While the doctor said over and over that he welcomed my father to get a second opinion, and said that my father could get treatment where ever he wanted, he DID stress to do it asap. Well, by the end of the conversation, my Dad said, "Let's do it. You can put the port in today if someone is available." He was so confident and ready to tackle this. I couldn't have been happier - my mom and I were both nervous he would drag his feet on this. The doctor called the radiation doctor, got my Dad an appointment for next Monday so the radiology folk can make their plan, and chemo and radiation will start within two weeks.

If you had told me two weeks ago that I would have thought this was "good," I would have burst into tears. I wish this wasn't our reality, but it is, and this is truly the absolute best case scenario. There were so many "ifs" ... If I hadn't bought a condo this summer, my Dad wouldn't have been painting the ceilings, and then he never would have done in for a pulled chest muscle, and he never would have had the X-ray that showed the nodules, and so on ...

I will most definitely keep you posted. I took 5 or 6 pages of notes (my hand and fingers are still sore), so have all sorts of details.

Thank you, thank you, thank you again. I have been reading many of your stories on this site over the last few days.

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Hello again Amy. It is so good to hear that you had a great first experience with the oncologist. He sounds like a good one. I remember how relieved after my first visit and receiving my treatment plan. Just darn relieved at how kind the doctors were, and the hope they gave me and that somebody was actually going to try to help me. It has been about a year since then. So take a deep sigh of relief and have your dad get lots of rest and stay healthy before he starts on his treatment.

Radiation for me was a breeze, but that all depends on the location of the tumours. Chemo was a little more interesting and everyone reacts differently but let's just hope your dad does well. They tell you about all the side effects, but that doesn't necessarily mean you are going to suffer from all of them.

I know you are telling your dad all about the survivor stories here. Sure sounds like you guys are starting off great on your journey. It is a journey for sure, just take it one step at a time. Prayers for your dad and that the treatment is successful.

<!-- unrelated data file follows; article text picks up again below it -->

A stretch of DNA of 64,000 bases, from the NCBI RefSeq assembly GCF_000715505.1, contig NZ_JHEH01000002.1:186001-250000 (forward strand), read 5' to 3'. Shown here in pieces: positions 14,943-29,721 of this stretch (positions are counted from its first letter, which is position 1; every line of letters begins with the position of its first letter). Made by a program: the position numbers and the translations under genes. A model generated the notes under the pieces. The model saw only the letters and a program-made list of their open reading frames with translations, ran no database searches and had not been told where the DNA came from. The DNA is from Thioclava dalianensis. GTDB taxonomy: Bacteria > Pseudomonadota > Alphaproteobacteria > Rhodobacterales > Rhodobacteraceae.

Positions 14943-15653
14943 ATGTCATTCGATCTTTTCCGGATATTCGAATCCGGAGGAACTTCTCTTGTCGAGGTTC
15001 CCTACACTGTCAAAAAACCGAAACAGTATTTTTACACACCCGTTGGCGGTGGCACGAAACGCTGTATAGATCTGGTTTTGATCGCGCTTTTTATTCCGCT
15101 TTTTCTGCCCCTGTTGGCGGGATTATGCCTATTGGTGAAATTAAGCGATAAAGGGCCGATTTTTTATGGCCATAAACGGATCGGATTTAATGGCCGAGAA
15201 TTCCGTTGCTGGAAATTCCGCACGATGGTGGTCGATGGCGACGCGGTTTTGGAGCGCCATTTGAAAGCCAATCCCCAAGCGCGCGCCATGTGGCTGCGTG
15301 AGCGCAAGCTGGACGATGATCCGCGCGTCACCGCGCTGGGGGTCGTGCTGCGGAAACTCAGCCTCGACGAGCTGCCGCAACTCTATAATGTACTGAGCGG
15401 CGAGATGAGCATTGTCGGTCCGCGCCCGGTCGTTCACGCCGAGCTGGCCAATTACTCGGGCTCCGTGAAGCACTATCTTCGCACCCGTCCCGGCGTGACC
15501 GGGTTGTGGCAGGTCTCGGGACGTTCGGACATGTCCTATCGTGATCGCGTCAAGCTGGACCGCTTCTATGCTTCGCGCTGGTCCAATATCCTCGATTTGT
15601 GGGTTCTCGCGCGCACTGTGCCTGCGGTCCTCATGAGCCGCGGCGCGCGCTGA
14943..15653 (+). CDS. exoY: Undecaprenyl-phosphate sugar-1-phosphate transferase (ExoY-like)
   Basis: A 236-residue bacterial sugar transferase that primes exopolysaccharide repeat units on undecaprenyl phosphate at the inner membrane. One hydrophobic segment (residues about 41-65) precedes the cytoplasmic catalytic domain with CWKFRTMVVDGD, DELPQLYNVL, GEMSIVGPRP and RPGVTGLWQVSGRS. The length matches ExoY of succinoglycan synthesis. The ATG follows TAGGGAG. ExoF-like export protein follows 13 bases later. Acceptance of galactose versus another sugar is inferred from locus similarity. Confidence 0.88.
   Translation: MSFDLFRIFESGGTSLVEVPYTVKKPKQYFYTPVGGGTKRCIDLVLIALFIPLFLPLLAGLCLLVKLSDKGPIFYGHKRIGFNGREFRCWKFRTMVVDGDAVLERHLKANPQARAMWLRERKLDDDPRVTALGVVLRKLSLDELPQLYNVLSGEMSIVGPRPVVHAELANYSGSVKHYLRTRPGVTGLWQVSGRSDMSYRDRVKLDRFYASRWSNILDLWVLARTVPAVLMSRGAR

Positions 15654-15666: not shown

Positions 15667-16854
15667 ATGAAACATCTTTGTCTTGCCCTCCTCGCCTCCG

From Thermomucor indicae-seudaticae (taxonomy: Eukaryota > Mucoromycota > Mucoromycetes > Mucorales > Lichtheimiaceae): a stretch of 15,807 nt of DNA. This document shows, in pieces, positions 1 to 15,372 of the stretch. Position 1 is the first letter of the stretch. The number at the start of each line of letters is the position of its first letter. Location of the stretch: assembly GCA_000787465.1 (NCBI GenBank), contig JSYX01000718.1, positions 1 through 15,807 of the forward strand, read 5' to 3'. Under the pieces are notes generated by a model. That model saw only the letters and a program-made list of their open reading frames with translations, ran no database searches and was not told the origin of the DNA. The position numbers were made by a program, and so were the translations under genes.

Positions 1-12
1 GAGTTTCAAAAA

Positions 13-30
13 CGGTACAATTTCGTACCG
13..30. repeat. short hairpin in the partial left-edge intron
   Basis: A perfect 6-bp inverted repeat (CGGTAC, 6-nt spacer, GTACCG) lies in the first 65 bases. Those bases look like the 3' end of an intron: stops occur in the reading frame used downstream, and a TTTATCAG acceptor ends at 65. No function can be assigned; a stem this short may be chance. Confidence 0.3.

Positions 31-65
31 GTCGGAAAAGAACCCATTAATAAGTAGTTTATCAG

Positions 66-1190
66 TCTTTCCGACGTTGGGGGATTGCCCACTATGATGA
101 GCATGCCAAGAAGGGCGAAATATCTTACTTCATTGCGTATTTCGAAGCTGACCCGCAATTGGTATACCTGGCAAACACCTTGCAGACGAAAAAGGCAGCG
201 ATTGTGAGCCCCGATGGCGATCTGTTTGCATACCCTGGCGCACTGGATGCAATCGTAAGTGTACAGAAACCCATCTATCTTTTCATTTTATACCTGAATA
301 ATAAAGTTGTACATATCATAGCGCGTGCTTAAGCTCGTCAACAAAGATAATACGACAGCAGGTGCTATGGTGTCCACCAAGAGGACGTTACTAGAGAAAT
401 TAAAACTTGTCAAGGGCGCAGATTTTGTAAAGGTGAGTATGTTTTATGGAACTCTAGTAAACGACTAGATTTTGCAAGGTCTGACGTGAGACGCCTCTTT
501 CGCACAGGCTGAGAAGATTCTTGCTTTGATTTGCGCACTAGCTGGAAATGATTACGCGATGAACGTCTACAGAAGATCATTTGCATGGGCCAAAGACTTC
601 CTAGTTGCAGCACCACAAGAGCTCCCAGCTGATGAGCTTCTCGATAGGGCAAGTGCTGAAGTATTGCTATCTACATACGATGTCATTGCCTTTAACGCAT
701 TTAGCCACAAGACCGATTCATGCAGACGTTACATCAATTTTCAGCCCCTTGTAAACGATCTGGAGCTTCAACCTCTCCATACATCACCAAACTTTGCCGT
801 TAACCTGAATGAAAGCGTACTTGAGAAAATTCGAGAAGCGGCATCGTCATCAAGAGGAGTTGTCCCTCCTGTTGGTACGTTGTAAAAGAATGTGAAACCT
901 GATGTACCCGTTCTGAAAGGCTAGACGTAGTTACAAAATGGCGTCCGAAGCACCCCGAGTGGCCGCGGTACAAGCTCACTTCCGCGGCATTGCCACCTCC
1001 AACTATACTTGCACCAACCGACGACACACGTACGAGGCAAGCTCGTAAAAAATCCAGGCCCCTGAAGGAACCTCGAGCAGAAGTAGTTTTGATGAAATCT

Sandra

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Amy, thank you so much for the update. Your dad's oncologist sounds like a wonderful guy, and it was quite uplifting to read your account of the first meeting with him. You deserve a lot of credit for setting it up, and I'm sure your dad realizes that.

You should post some photos of your condo renovations, which I guess also deserve some credit for the timely diagnosis. By the way, I know what you mean about pulling muscles painting a ceiling -- I still remember the very unusual pain I got from a similar project close to 30 years ago! Aloha,

Ned

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Hi Amy-

Welcome to this site!!

It sounds like your dad has a great oncologist that he trusts and who has a solid treatment plan in place for him. People usually don't believe us when we say that once a treatment plan is in place, you feel better - but it sure is true, isn't it??

Thoughts and prayers going out for your dad. Please keep us posted on his progress.

Your dad is so lucky to have you by his side.

Hugs - Patti B.

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Hi Amy,

Sorry I am a little slow welcoming you.

I am glad to hear that your dads oncologist visit went good and that there is now a plan in place to start fightiing this beast!

You had asked about doc at the U of MN, I know that a Dr. Dudek is a lung specialist that I have heard is fabulous. He is involved in both clinical trials and patient care. In any case, you are in good hands at the U, I heard they do a great job.

You dont mention how close you are to the U but I wanted to mention that there is a in-person lung cancer group in St. Paul . If you have any interest in the group, just pm me.

Prayers that better days are ahead,

Wendy